PR 2: Ponce Continued

July 29, 2014

You may be thinking to yourself, "Has Emily dropped off the face of the earth? I see she isn't blogging like she usually does." The correct answer would be yes, kinda sorta. But we'll get to that more tomorrow. 

Today, let's finish what we started with Parque de Bombas. The oldest, more eclectic looking firehouse in all of Ponce. 

If you're visiting, this is a free museum. However don't expect a tour.

In fact, don't expect much English unless one of the local police are standing around. You're in the south of Puerto Rico, not the most tourist driven area.

Why were we hear? Well my grandmother's family is from Ponce and Salinas. Granny Aida specifically being born in Salinas, or Ponce, but growing up in Salinas none the less.

 The ceiling in this building was just amazing.

Like everything worth seeing in Ponce, Parque de Bombas is right in the town square.

It's super easy to get to, and I suggest getting there earlier in the day, everyone seemed to close up shop around 5.

Wandering around the firehouse we actually found a picture of a Capo (our family name was Capo Diaz, Capo being my great grandmother and Diaz being my great grandfather) who was one of the fire chiefs. 

We were told by someone from the area, my father's super knowledgeable oncologist, that the Capo's were involved in politics in Ponce. From what I've read about the town this was the epicenter of political change and a bit of protesting back in the day. Then again it's a college town, and those two go hand in hand.

The most Puerto Rican of the group, also known as "the old man." 

He isn't typically this bald, but we got lucky and he got a pass to go to Puerto Rico during chemo treatment. It pays to have a doctor from there for sure! 

Now what does Dad do once we get out of the firehouse, he hunts down a snow cone.

Of course it wasn't called a snow cone, and I'm not entirely sure what it was called other than good.

He went with strawberry with some honey syrup over the top. When given the chance always get the honey syrup over the top, it was divine. 

You'll probably understand that more after this series of the entire family eating Dad's snow cone. 

The honey syrup stuff was super sticky and actually really chewy.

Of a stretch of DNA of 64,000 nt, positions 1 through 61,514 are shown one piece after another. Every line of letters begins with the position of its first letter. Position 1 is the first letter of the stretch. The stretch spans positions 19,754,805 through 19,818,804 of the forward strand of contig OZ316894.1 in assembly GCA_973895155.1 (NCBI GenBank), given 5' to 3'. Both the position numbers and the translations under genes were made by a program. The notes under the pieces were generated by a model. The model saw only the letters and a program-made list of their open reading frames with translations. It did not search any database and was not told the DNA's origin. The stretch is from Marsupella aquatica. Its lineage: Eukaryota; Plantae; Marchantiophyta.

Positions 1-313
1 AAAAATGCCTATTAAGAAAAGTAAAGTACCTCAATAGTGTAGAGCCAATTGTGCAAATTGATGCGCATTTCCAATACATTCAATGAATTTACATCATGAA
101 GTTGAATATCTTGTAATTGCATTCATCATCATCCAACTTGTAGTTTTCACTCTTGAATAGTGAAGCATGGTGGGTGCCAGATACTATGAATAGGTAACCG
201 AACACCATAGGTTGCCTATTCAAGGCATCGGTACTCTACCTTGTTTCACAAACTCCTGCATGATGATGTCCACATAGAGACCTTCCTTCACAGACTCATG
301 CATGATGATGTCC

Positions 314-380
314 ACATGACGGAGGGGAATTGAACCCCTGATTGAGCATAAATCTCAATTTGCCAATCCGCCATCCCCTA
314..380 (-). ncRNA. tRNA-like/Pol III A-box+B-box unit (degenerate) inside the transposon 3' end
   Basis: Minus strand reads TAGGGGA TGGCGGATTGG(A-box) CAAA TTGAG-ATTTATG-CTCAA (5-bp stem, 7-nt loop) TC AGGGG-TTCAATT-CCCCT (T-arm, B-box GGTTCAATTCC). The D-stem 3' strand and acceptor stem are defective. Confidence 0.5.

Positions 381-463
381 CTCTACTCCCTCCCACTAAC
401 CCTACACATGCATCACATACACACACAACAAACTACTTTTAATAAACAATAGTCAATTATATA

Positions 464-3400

I took a bite, Laura on the other hand will steal everything you have. 

I love her, but you'd think we did without growing up the way her, Dad, and I hid snacks from each other. Needless to say the four year old in the family has already learned you can't trust the three of us with your food. 

Lucky for us there are no known contagious diseases plaguing the family, if so we all got whatever we had after this snow cone. 

Right past Parque de Bombas, down a very long ally, are a ton of street vendors... during the day. These people closed up at five on the dot. Plus the farther you got down the street the less safe it felt. 

I suggest scoping this out during lunch when everyone is open. 

After our snow cone adventure Josh decided he had to have some ice cream.

Again, it will seem like all the food shops are empty and closed because the lights are off and there is no one there. Don't let that fool you, Puerto Ricans just don't eat out except for breakfast and lunch during the week. One the weekends places are packed in the evening.

Jeremy needed an iced coffee which Dad quickly let him know coffee doesn't contain milk or ice. Ice is blasphemy to the old coffee drinking men from what I gathered on this trip. 

I should have figured that out back at Easter though when he was barely out of surgery and wanting coffee (after having something done to his throat). I told him he could have some iced coffee and he said if he couldn't have real coffee he didn't want any at all. 

One thing I always suggest doing on any trip is stocking up on local candy. This was not a local candy I suggest stocking up on. Not that yummy at all. 

In the next post we will talk about the cheapest spa you'll ever go to and finding our family mausoleum in Salinas by chance.